13 Best Office Chairs (2024): Budget, Luxe, Cushions, Casters, and Mats

13 Best Office Chairs (2024): Budget, Luxe, Cushions, Casters, and Mats

Not every chair is a winner. Here are a few others we like enough to recommend, but they’re not as good as our top picks above.

Hinomi X1 Chair for $669: Hinomi’s X1 mesh chair has a trick up its sleeve—a built-in footrest! Just extend and flip out the footrest; voilà, your feet are now propped up. This might not be very practical for fellow tall people, as my legs often hit the wall behind my desk, but it’s quite comfy. The chair is otherwise well-built. I like the lumbar support here, and there’s a good amount of adjustments you can make. The seat itself is a bit firm, but I got used to it after some time. Hinomi offers a 12-year warranty, but best of all you can snag it in a dusty pink from the company’s website. I’d buy this over the X-Chair mesh chair listed below.

BodyBilt Midcelli Mesh Chair for $949: BodyBilt’s chair looks quite average, but the seat pad is plushy and soft, and it’s contoured to your butt and legs, which I liked more than I expected. The mesh back has some give to it, so it doesn’t feel rigid, and there are all the usual points of adjustment, including moving the seat forward and back. I wish the arms could lock to a position. It has a lifetime warranty on select parts, while other chair areas are covered for 12, seven, five, or three years. There are more customization options on BodyBilt’s website—with the option to get a consultation—but I just think it’s overpriced.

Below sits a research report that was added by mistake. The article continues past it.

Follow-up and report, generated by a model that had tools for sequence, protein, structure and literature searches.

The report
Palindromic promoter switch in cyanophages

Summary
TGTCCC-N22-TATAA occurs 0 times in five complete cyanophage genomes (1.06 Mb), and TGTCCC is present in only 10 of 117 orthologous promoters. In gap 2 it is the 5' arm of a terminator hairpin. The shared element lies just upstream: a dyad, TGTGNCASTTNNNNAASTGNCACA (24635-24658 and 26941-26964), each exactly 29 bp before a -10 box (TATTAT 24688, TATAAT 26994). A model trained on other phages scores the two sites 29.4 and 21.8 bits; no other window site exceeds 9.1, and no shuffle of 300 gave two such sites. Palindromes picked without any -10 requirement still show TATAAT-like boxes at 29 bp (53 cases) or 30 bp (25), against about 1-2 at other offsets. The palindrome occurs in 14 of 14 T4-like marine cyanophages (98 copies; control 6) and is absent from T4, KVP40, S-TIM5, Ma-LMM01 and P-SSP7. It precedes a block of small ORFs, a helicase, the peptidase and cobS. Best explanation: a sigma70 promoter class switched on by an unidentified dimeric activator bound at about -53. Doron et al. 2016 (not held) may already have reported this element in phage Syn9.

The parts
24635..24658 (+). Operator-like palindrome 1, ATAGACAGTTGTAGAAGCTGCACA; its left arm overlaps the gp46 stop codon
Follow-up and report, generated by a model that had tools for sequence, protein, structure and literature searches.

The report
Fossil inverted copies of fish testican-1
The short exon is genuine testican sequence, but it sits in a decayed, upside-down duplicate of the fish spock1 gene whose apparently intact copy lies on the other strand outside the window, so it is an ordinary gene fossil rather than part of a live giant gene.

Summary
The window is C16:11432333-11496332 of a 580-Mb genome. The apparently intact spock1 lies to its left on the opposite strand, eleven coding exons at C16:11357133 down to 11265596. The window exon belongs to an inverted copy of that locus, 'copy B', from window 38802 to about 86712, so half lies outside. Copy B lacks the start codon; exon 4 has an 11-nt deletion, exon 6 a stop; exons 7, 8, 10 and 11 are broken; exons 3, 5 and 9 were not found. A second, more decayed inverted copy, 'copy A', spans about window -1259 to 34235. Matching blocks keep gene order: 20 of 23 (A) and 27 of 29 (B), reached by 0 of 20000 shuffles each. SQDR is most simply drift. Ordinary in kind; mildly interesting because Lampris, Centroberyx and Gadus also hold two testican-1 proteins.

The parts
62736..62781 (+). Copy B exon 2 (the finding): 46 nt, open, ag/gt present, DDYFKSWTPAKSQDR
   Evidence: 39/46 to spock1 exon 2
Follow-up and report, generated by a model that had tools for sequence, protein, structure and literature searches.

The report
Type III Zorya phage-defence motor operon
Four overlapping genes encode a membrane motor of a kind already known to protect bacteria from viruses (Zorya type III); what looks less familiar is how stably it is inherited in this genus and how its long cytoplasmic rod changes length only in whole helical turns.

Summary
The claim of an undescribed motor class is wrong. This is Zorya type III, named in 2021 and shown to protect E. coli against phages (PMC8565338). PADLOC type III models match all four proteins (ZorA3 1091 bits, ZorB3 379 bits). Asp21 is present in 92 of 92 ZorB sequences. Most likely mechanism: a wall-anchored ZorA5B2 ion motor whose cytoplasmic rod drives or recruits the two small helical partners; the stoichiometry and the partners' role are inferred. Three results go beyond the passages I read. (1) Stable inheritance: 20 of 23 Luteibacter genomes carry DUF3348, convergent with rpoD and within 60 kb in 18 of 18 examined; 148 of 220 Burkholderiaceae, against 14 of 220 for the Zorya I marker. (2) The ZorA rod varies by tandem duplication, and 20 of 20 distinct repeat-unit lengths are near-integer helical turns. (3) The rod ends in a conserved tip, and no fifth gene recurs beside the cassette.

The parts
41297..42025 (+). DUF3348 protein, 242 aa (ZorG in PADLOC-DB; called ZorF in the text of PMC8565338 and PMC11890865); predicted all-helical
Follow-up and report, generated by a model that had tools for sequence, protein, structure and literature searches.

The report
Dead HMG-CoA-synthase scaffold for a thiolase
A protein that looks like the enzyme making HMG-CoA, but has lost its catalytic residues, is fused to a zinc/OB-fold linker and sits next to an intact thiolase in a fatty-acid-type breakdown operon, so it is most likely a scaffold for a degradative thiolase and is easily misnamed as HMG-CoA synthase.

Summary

Razer Fujin Pro for $1,049: Razer is asking for Herman Miller and Steelcase prices despite offering a measly five-year warranty on this $1,000-plus chair. Still, my colleague Eric Ravenscraft likes the Fujin Pro (8/10, WIRED Recommends). There are a good amount of adjustments you can make, the armrests are useful, and the mesh is breathable. Oh, and it doesn’t have the over-used gaming chair race-car seat aesthetic.

Tempur-Pedic Tempur-Lumbar Support Office Chair for $352: I think this is a nice alternative to the Branch Ergonomic Chair, our top pick. The Tempur seat cushion is, perhaps unsurprisingly, wonderfully comfy to sit on for hours at a time. And most chairs that have a thick lumbar cushion end up causing me back pain, but not here—I’ve had no issues sitting on this chair for a month. The mesh back is nice for airflow too. The arms tend to move around a bit though, and the mechanism to adjust them is not elegant. Installation wasn’t too hard, but the instructions weren’t as simple as Branch’s, and the overall build quality feels cheap.